Design and procedureSimilar to Experiment 1No third posttest

  • Experiment 2: ResultsSyllables: Significant effects for condition, not time; no interactions. No significant effects for # of words.

  • DiscussionConfirmation of results from Experiment 1Findings from Experiment 1 not due to differences in time of exposure or number of repetitions

  • Conclusionsand ImplicationsSentence writing = semantic elaboration and outputSentence writing can inhibit learning of structural properties of new words (not known words)Overload of processing resources required in sentence writing divide attention for new word learningFuture research: Study independent effects of semantic elaboration vs. output; test learners of different proficiency levels, L1s and L2s, on different tasksOverall discussion/ conclusions

  • Discussion QuestionDo you think that these findings have any pedagogical implications for TESOL? If so, what are they? If not, why? YOUR question to start class discussion

  • ReferencesBarcroft, J. (1999). Processing resources and L2 lexical acquisition in three writing tasks. Paper presented at the Second Language Research Forum, Minneapolis, MN.Barcroft, J. (2000). The effects of sentence writing as semantic elaboration on the allocation of processing resources and second language lexical acquisition. Unpublished doctoral dissertation, University of Illinois at Urbana-Champaign, Urbana, IL.Barcroft, J. (2002). Semantic and structural elaboration in L2 lexical acquisition. Language Learning, 52, 2. [note: page number are missing in reference list]Brown. T. & Perry, Jr. F. (1991). A comparison of three learning strategies for ESL vocabulary acquisition. TESOL Quarterly, 25, 655-670.Coomber, J. E., Ramstad, D. A. & Sheets, D. R. (1986). Elaboration in vocabulary learning: A comparison of three rehearsal methods. Research in the Teaching of English, 20, 289-93.Craik, R. I. M. & Lockhart, R. S. (1972). Levels of processing: A framework for memory research. Journal of Verbal Learning and Verbal Behavior, 11, 671-84.Ellis, R. & He, X. (1999). The role of modified input and output in the incidental acquisition of word meanings. Studies in Second Language Acquisition, 21, 285-301.Levin, J. R., McCorminck, C.Bl, Miller, G. E, Berry, J. K. & Pressley, M. (1982). Mnemonic vs. nonmnemonic vocabulary-learning strategies for children. American Educational Research Journal, 19, 121-136.McDaniel, M. A. & Kearney, E. M. (1984). Optimal learning strategies and their spontaneous use: The importance of task-appropriate processing. Memory and Cognition, 12, 361-373.Morris, C.D, Bransford, J.D. & Franks, J. J. (1977). Levels of processing vs. transfer appropriate processing. Journal of Verbal Learning and Verbal Behavior, 16, 519-33.References (all and only those in ppt)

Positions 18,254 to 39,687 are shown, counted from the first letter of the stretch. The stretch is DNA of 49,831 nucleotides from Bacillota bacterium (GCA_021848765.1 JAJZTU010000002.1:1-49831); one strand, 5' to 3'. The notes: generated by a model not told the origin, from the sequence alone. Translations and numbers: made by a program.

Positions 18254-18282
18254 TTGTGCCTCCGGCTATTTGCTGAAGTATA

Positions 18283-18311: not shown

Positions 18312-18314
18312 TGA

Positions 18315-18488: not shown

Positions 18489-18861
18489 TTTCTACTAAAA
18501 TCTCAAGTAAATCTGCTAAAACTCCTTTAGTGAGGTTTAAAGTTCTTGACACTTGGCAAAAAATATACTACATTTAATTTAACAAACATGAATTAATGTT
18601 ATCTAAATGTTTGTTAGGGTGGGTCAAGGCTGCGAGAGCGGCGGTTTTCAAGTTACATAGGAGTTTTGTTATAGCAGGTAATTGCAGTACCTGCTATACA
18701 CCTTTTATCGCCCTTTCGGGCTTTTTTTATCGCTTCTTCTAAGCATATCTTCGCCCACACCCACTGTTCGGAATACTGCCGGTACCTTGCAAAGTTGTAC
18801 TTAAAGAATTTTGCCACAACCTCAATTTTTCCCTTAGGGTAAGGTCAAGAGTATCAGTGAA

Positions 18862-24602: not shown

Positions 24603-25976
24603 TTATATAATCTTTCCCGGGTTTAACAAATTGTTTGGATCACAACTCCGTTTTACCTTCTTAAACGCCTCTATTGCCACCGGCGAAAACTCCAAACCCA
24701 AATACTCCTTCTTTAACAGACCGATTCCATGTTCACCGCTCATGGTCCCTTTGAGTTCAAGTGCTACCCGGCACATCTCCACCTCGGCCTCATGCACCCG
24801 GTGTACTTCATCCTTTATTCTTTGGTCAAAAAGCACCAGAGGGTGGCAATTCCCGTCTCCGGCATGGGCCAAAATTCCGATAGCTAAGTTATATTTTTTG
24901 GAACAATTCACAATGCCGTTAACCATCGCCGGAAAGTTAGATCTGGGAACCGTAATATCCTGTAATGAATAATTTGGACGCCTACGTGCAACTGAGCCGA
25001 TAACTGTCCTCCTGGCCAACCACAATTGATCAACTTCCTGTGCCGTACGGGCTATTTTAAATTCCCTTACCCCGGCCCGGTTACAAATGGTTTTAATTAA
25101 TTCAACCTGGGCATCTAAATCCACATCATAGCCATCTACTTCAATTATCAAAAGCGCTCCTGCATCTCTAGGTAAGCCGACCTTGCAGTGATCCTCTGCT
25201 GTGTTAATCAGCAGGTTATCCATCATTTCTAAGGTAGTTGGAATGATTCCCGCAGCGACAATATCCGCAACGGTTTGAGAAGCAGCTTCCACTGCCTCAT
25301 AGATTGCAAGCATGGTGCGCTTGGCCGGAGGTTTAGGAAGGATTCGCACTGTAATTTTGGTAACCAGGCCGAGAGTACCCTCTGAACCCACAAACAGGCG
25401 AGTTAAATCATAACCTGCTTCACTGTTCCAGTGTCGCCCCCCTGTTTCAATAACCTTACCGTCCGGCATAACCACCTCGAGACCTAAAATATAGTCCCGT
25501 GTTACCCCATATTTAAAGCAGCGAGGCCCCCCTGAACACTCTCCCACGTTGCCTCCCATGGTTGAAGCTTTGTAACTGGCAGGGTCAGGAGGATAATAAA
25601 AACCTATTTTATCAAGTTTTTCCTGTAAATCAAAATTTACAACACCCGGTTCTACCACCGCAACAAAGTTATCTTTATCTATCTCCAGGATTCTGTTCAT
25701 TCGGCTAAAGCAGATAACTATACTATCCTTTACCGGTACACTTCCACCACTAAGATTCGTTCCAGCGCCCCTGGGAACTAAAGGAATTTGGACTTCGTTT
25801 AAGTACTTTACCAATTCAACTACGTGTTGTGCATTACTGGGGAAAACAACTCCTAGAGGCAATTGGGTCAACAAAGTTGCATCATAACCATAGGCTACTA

• ReferencesPressley, M., Levin, J. R. & Miller, G. E. (1982). The keyword method compared to alternative vocabulary-learning strategies. Contemporary Educational Psychology, 7, 50-60.Prince, P. (1996). Second language vocabulary learning: The role of context vs. translations as a function of proficiency. The Modern Language Journal, 80, 478-93. Tressalt, M. E. & Mayzner, M. S. (1960). A study of incidental learning. Journal of Psychology, 50, 339-47.Wattanabe, Y. 1997. Input, intake and retention: Effects of increased processing on incidental learning of foreign language vocabulary. Studies in Second Language Acquisition, 19, 287-307.

    About Pressley et al. (p. 306-307): one semantic elaboration condition (imagery) was effective when the posttest was definition recall only, a test that provides word forms and does not require learners to generate words based on their own knowledge. However, the same researchers found another semantic elaboration condition (synonym) to be inhibitory (compared to no strategy) when the posttest was a matching task. Therefore, performance on the matching task depended more on knowledge of word form than did the recall task, because the matching task required selecting among multiple word forms at once, and therefore the inhibitory effect of semantic elaboration was observed.Word measure may not be precise enough.Note how I selected only the most important conclusions